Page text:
One advantage of this approach is that it’s a space-saver; you don’t have to have several separate lines for each entry in this section. “Additional Information” is also the perfect spot to place something that reflects well on you, but can’t be shoehorned into your Education or Experience sections — e.g., community service, leadership positions, your title as Southern California Disco Competition Champion (2011), etc. Again, don’t be shy, but don’t be frivolous. (I’m not a fan of people who list “drinking beer” as one of their “hobbies.”) To repeat what I said earlier, you are looking for opportunities to put one of your positive, relevant qualities on display, and one way to do that is to tee up a great story about how you won the competition even though your sequined vest ripped during the opening bars of “Boogie Shoes.”

Good luck!

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7 Responses

  1. Paul Gowder says:

    I really hope that employers aren’t judging students on the details of typography to the point of inspecting their en-dashes…

  2. Your advice is great, but your reference to Kozinski is just silly. Do you really think that the committee making decisions about judicial candidates recommended him based solely his CV? I’m pretty sure most employers, including law school hiring committees, don’t have legions of people examining the backgrounds of their candidates.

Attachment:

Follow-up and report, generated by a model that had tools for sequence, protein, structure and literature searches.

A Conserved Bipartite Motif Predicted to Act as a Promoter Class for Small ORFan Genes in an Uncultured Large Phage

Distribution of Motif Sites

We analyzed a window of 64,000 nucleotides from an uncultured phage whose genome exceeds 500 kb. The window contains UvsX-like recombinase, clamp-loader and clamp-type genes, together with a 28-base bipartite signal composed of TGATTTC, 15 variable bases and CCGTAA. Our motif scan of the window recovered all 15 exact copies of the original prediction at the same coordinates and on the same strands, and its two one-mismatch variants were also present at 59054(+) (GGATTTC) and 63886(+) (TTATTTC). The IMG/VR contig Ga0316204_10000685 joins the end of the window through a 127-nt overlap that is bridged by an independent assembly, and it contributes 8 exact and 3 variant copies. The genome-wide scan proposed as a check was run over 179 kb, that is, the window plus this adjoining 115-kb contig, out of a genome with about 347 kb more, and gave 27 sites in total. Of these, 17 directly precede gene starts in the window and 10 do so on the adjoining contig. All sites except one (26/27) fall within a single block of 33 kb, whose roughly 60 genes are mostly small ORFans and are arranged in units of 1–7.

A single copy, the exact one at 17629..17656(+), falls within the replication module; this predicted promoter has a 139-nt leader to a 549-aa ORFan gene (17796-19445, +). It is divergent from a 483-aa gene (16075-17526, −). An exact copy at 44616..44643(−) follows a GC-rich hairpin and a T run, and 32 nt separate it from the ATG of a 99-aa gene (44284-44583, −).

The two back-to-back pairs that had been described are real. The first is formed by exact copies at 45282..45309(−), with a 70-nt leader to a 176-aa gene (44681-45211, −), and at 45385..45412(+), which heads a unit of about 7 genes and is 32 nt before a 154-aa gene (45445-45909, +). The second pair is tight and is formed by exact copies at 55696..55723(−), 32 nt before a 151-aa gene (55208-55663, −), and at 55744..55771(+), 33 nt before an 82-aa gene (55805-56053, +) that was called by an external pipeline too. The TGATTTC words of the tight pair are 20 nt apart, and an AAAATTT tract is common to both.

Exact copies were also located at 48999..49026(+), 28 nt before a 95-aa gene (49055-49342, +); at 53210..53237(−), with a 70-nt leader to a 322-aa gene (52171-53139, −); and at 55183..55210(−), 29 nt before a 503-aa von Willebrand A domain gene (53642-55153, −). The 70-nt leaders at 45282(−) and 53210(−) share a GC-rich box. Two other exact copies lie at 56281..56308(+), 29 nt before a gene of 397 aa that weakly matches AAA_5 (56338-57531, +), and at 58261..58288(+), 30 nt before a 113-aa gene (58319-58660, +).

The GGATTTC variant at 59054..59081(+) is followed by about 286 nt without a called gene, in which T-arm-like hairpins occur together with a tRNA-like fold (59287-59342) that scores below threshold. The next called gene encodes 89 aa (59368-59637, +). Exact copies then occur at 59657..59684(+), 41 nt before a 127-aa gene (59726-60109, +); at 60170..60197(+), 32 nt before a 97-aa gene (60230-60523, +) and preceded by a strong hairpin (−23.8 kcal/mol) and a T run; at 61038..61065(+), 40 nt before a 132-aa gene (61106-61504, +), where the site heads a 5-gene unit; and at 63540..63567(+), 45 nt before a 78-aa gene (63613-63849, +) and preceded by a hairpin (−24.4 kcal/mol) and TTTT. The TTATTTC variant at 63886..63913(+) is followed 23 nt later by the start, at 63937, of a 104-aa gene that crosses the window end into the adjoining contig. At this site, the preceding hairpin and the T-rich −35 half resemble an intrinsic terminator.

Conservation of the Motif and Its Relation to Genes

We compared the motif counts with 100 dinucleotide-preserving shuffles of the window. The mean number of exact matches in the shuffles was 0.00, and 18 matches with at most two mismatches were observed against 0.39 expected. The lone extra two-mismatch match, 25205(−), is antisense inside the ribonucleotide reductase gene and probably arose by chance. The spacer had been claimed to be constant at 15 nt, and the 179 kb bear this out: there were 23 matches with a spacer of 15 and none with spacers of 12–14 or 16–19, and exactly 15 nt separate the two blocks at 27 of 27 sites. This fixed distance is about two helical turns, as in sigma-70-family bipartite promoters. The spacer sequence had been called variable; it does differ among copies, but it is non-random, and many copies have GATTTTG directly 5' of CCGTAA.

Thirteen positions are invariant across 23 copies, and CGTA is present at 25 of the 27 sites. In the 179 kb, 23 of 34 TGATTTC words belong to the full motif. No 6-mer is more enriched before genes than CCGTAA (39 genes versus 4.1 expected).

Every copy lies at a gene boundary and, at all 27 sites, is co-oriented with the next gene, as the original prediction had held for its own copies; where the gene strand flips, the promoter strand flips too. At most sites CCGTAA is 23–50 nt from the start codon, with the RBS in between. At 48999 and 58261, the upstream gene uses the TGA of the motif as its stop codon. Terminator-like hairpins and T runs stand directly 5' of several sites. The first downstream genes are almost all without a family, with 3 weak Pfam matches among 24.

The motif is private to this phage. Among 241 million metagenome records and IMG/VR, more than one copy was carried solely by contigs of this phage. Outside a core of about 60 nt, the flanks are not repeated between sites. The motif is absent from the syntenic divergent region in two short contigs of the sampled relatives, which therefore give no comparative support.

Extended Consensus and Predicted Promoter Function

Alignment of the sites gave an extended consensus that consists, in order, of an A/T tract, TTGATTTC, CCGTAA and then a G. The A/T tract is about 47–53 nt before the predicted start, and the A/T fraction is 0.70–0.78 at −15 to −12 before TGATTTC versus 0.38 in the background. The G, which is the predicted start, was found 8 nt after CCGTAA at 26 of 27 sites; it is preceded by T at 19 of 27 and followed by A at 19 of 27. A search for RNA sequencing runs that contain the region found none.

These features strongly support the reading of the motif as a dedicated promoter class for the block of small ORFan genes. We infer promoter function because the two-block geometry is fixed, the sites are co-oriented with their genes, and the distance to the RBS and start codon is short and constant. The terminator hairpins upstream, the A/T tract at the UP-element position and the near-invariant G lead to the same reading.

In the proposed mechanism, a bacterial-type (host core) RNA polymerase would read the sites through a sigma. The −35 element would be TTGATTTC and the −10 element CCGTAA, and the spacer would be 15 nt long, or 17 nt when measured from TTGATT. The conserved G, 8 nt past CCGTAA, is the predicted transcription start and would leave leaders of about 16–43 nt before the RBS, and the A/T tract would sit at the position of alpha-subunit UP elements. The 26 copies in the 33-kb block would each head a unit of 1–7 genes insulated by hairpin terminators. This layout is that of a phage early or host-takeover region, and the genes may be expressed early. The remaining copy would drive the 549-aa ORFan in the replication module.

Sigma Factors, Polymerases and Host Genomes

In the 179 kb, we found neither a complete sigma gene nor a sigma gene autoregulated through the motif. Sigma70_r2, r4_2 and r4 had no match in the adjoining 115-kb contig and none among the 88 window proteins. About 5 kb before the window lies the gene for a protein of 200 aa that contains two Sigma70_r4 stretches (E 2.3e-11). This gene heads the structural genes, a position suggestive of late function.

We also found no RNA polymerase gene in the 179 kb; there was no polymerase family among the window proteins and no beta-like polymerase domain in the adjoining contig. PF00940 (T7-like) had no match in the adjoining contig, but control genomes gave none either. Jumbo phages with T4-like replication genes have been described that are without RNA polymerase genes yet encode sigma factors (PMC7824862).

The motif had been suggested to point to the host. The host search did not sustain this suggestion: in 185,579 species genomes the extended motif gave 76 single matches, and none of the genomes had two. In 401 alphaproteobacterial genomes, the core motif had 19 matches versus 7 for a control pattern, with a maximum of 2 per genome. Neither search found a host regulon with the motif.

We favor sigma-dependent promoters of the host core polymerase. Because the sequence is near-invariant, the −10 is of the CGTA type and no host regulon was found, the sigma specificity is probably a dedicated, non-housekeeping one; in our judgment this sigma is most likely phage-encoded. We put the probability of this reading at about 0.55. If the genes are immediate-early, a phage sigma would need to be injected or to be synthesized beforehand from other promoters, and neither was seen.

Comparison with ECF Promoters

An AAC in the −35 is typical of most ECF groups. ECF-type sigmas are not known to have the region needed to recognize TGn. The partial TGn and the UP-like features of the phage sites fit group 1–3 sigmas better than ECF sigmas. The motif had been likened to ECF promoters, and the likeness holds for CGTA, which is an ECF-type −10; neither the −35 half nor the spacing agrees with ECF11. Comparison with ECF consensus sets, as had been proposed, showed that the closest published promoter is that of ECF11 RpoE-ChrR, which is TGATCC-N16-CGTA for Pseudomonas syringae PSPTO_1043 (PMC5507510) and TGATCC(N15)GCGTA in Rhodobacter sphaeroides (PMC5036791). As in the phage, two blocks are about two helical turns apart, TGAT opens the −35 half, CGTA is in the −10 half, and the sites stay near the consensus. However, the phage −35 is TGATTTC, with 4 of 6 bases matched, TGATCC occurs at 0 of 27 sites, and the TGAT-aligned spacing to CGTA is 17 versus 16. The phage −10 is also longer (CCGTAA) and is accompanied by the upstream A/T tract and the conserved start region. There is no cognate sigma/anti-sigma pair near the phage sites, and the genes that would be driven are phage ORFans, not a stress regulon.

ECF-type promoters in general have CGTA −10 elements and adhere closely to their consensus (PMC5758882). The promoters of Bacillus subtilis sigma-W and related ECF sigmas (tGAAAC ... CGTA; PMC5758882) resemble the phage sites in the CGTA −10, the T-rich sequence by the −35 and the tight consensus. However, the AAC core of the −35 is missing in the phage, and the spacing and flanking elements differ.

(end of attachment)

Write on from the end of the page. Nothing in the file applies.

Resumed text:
3. Kyle Graham says:

    Kevin: I am guilty as charged of using a very, very small aperture as an excuse to post the Kozinski resume. Happily, I take “just silly” as a high compliment.

  4. You left out the most important point: How did he do on The Dating Game?

  5. Thanks. So he’s just not another pretty face

  6. Jordan J. Paust says:

    I once had a student who came to me somewhat distraught — he was only in the middle of his class, how could he get a job? I asked if he did well in any particular area or cluster of courses and seminars. “Yes,” he replied, in the business area. I told him that he should mention such in his resume — under J.D. at U of H. he did, and as I recall, he was hired partly because of his accomplishments in the business area.